Student: Don't own one. (long pause). I took my Uncle's car out one night though.
Clinician: Thinking of killing yourself? (fact-finding behavioral incident)
Student: I guess so.
Clinician: When was that? (fact-finding behavioral incident)
Student: Thanksgiving break.
Clinician: What happened? (fact-finding behavioral incident)
Student: Went down to a road where my Dad used to take me for a spin in his beat-up old Triumph. He loved that thing. He thought it was a Ferrari. (smiles faintly) Anyway, I was gonna run into a tree and I did, but I'd jammed on the breaks in time. Broke out a f***ing headlamp. My Uncle was really pissed. What an ass. (pauses) Not him, me.
Clinician: What do you think stopped you? (fact-finding behavioral incident)
Student: The tree. (looks serious for a moment, then cracks a smile)
Clinician: (smiles, acknowledging Sean's humor) What actually stopped you? (fact-finding behavioral incident)
Student: I guess I didn't have the guts. Gotta get me some more guts.
Clinician: (pauses, truly sensing the depth of Sean's angst) Hard to put into words.
Clinician: The pain.
Student: Yeah. (pauses) Yeah, it is. Wish it would stop.
Clinician: Have you been thinking of any other ways, like shooting yourself? (denial of the specific)
Student: Don't own a gun.
Clinician: You didn't own a car either. (this garners a smile from Sean) Does your Uncle have any guns?
Clinician: I've got a feeling he might. (said gently)
Student: I suppose so.
Clinician: Ever get one out while you were thinking of killing yourself? (fact-finding behavioral incident) (Sean looks down) It looks like you might have given that some thought. (said gently)
Student: Yeah. (pauses) I got one out once. It's the only sure thing.
Clinician: When's the last time you did that? Thanksgiving? (fact-finding behavioral incident)
Student: (said very quietly, almost mumbled) Yeah (pauses and squirms a bit in his chair) over break.
Clinician: Help me to understand a little better, Sean. It sounds like a really rough time. Where does your Uncle keep his gun . . .
Clinician: Oh, guns. Is he a hunter? (fact-finding behavioral incident)
Student: Yeah, big time. Just like my Dad.
Clinician: Sort of walk me through what happened next. (sequencing behavioral incident)
Student: Well, I went to my Uncle's gun cabinet. He keeps it unlocked. He's not real bright about this sort of thing, you know, considering how depressed I am. I love the guy, but he's not what I'd call psychologically minded, if you know what I mean.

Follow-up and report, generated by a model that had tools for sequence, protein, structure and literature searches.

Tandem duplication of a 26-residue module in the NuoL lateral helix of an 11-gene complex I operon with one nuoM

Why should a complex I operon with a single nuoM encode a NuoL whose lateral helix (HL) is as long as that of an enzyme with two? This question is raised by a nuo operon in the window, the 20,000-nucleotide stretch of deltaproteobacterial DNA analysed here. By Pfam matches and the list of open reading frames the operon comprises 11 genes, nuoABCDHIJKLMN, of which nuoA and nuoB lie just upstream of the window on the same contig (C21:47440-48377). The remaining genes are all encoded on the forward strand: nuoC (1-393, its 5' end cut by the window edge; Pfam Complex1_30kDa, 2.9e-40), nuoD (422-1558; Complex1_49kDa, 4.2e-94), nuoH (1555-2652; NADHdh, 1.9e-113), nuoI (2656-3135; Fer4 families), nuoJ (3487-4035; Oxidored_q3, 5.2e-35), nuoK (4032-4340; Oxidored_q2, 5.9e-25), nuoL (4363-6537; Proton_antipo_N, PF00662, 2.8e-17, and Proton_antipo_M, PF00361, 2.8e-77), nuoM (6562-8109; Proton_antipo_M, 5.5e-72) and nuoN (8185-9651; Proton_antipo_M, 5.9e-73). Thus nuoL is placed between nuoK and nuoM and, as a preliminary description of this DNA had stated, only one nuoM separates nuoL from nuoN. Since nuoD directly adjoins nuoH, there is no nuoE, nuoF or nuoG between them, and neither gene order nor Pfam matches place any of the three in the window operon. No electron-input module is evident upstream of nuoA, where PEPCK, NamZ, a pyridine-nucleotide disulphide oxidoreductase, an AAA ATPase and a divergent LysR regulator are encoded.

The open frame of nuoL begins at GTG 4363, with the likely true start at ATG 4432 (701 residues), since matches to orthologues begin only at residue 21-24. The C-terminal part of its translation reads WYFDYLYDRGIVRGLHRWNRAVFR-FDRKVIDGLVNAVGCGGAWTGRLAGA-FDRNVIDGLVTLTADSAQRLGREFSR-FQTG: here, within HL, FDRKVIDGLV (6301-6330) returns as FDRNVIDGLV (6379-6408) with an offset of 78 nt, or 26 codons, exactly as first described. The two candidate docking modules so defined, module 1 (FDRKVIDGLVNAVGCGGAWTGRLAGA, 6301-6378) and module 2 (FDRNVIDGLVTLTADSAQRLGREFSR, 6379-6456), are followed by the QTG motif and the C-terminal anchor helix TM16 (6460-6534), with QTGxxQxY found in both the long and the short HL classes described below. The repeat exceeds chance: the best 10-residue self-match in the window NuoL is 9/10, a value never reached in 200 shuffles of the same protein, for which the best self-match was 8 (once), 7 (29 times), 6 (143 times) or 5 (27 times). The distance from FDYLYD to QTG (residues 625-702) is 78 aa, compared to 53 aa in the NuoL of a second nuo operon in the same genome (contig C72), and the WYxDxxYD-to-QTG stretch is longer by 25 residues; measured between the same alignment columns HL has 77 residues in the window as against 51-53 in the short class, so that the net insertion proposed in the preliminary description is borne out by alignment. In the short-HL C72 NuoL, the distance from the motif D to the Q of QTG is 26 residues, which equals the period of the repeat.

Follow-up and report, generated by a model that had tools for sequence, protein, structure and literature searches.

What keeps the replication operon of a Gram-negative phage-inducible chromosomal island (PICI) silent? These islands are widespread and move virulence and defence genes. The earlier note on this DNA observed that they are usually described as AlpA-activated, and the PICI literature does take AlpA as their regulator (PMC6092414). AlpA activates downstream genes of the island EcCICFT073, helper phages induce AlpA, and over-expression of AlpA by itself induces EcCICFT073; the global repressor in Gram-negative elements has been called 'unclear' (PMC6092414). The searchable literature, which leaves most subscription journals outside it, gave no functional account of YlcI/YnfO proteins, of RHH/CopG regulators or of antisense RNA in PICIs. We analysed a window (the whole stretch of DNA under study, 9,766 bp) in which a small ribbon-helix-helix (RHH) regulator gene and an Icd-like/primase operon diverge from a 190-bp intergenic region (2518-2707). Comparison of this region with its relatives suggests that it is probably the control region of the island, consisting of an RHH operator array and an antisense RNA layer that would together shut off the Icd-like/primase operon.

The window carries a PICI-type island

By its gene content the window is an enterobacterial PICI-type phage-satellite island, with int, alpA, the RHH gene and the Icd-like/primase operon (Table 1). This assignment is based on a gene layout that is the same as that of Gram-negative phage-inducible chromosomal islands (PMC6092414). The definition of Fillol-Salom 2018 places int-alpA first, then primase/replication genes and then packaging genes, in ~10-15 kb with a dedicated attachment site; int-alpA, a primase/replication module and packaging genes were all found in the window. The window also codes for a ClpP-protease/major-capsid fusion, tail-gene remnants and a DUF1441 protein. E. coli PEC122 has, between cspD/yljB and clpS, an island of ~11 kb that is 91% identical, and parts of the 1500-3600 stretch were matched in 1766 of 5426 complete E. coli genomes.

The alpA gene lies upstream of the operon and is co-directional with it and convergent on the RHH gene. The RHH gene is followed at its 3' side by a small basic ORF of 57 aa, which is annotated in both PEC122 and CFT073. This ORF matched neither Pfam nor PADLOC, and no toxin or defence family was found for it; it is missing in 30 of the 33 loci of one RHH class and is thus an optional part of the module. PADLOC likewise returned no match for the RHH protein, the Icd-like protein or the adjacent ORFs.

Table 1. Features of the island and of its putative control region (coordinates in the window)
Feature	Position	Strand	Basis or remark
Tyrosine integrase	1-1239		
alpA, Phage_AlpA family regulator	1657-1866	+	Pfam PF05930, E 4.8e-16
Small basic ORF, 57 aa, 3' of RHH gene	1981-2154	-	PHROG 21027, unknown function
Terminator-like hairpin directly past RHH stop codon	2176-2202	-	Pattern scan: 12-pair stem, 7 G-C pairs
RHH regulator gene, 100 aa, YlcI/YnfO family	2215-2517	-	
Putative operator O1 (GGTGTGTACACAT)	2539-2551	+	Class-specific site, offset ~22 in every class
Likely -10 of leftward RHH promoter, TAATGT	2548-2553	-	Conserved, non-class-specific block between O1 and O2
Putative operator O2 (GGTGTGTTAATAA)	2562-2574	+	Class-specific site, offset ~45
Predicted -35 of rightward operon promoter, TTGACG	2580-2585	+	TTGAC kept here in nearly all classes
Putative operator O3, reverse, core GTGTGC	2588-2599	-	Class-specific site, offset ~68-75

Clinician: (nods) So what happened next? (sequencing behavioral incident)
Student: I took out one of his handguns.
Clinician: Did you load it? (fact-finding behavioral incident)
Student: Oh yeah. (nods his head yes) Yeah, I loaded it. Been thinking about what I was gonna do a lot in my head for weeks.
Clinician: What did you do then? (sequencing behavioral incident)
Student: I put it in my mouth, read somewhere on the web that that's the best way to make it a sure thing.
Clinician: Did you click the safety off? (fact-finding behavioral incident)
Student: Yeah. (looks down, lips start quivering)
Clinician: (said very gently) You really really miss him don't you?
Student: Oh God. (bursts into tears) I miss him so much. I just want to be with him for Christmas. That's all I want. That's all I f***ing want.
Clinician: It's alright to cry (hands Sean a box of tissues).
Clinician: (waits a moment for Sean to collect himself) How long do you think you were holding the gun that night? (fact-finding behavioral incident)
Student: I don't know. (pauses) Seemed like forever. Probably about a half hour or so. Long time.
Clinician: Where's the gun now? (fact-finding behavioral incident)
Student: Don't know for sure, but I put it back in the cabinet.
Clinician: Sean, on your very worst days, like over Thanksgiving, how much time are you spending thinking about killing yourself, 70% of your waking hours, 80%, 90%? (symptom amplification)
Student: You want to know the truth?… I can't get it out of my f***ing head.
Sean's originally stated intent, uncovered during the clinician's exploration of the Region of Presenting Events, was much lower and dangerously misleading when compared to his true level of intent, which was uncovered in the exploration of the Region of Recent Events. In addition, the removal of the guns from his uncle's house before Sean returns home for Christmas may prove to be lifesaving.
The interviewer's ongoing “read” on how dangerous the patient is serves as the basis for how extensively to ask questions during the Region of Recent Events. If a patient has low-risk factors, denies thoughts of suicide during the exploration of presenting events, and reports only one fleeting thought of shooting himself (no gun at home) during the first part of the Recent Events, a clinician most likely would not use denials of the specific, the catch-all question, or symptom amplification. There would be no reason to use such questions, and their use might appear puzzling to the patient. The CASE Approach is always flexibly implemented, matching the best techniques to the unique needs of the patient and the clinical presentation.